More than 1.6 million Android apps are available on a Google Play Store to download for 1.4 billion active Android device users. Apps belonging to Social Media, eCommerce, and Entertainment industry ruling the roost, while each Android device user installs, on an average, 27 apps. App users are more focused and concerned about the features and functionality of installed apps, but do they ever care of potential risk these apps put them into? A new research study, released by the University of California, Riverside, analyzes behind-the-scenes behaviours of some of the top free apps used by millions of Android device users and exposes how badly we are prone to hackers and leak sensitive personal information.
According to the study, 24% of the total popular Android apps are indulged in interacting with malicious URLs/websites that distribute malware, harm devices, stealing confidential personal data or annoying users with spam.
But that doesn’t mean that the rest 76% Android apps are quite safe to install; 76% of popular apps make behind-your-back interaction with websites that are less trustworthy and have received a Web of Trust rating lower than 60/100.
The adoption of smartphone apps is all time high and the world has moved into the mobile-first era. Smartphone users are relying heavily on apps without educating themselves much about their favorite apps. However, understanding the complex structure and evaluating each feature is quite impractical for any user as every app speaks to multiple websites and URLs both to function and generate revenue. On the flip side of the fact, most of such apps connect to many third-party services in the background in a bid to capture as much data as possible of a user, many times such practices lead to injecting harmful software components in devices.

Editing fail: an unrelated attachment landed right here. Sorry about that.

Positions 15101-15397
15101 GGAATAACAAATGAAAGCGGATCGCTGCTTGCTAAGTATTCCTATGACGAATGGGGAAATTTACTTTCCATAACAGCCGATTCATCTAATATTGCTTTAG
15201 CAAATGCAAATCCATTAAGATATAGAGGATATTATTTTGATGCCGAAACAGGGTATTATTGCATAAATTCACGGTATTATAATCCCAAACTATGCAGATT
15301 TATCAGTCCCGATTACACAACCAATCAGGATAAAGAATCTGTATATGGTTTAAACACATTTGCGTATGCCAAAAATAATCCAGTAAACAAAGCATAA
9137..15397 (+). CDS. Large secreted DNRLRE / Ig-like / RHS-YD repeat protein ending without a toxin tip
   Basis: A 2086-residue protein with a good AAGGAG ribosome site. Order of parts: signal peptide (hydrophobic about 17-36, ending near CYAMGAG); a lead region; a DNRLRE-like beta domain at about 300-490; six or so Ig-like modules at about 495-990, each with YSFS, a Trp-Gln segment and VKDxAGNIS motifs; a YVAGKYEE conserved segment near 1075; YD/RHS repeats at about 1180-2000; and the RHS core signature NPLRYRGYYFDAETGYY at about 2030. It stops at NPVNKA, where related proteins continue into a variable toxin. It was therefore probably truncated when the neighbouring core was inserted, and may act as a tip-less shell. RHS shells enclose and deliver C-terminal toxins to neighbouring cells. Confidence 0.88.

The team behind the study developed a tool called AURA (Android URL Risk Assessor) to evaluate behind-the-scene activities of 13,500 apps accessing more than 250,000 URLs. Once captured, they cross referenced these URLs using VirusTotal, a database of malicious URLs and Web of Trust, a popular website rating system.
The study also points to a serious concern owing to the exploded adoption of smartphone and apps by Children. Nearly 74% of such popular apps talk to the URLs that are not suitable for children. Considering the fact that most of the free apps sustain on advertising revenue, speaking to URLs serving content not suitable for Children is definitely a major cause of concern.
“I think the fact that 9 percent of the good apps we analyzed interacted with at least one website that distributes malware is very worrisome,” said Faloutsos, who emphasized that the findings show only that users are potentially exposing themselves to risk, and not that each of these interactions would necessarily result in negative consequences.
The above findings of the study urge to use a limited number of apps and only perform not-so-critical activities on devices. Analysts believe that smartphone users must rely on a very limited number of apps and activities through mobile apps until there is a regulatory body set to screen behind-the-scene activities of apps. Google is pledged to improve its apps screening process before they list down an app on Google Play, still there is a need for a regulatory body considering the growing influence of apps in our daily life.
Analysts suggest that reading app-review articles and comments left by other app users is a good practice that help users to take informed decisions on apps.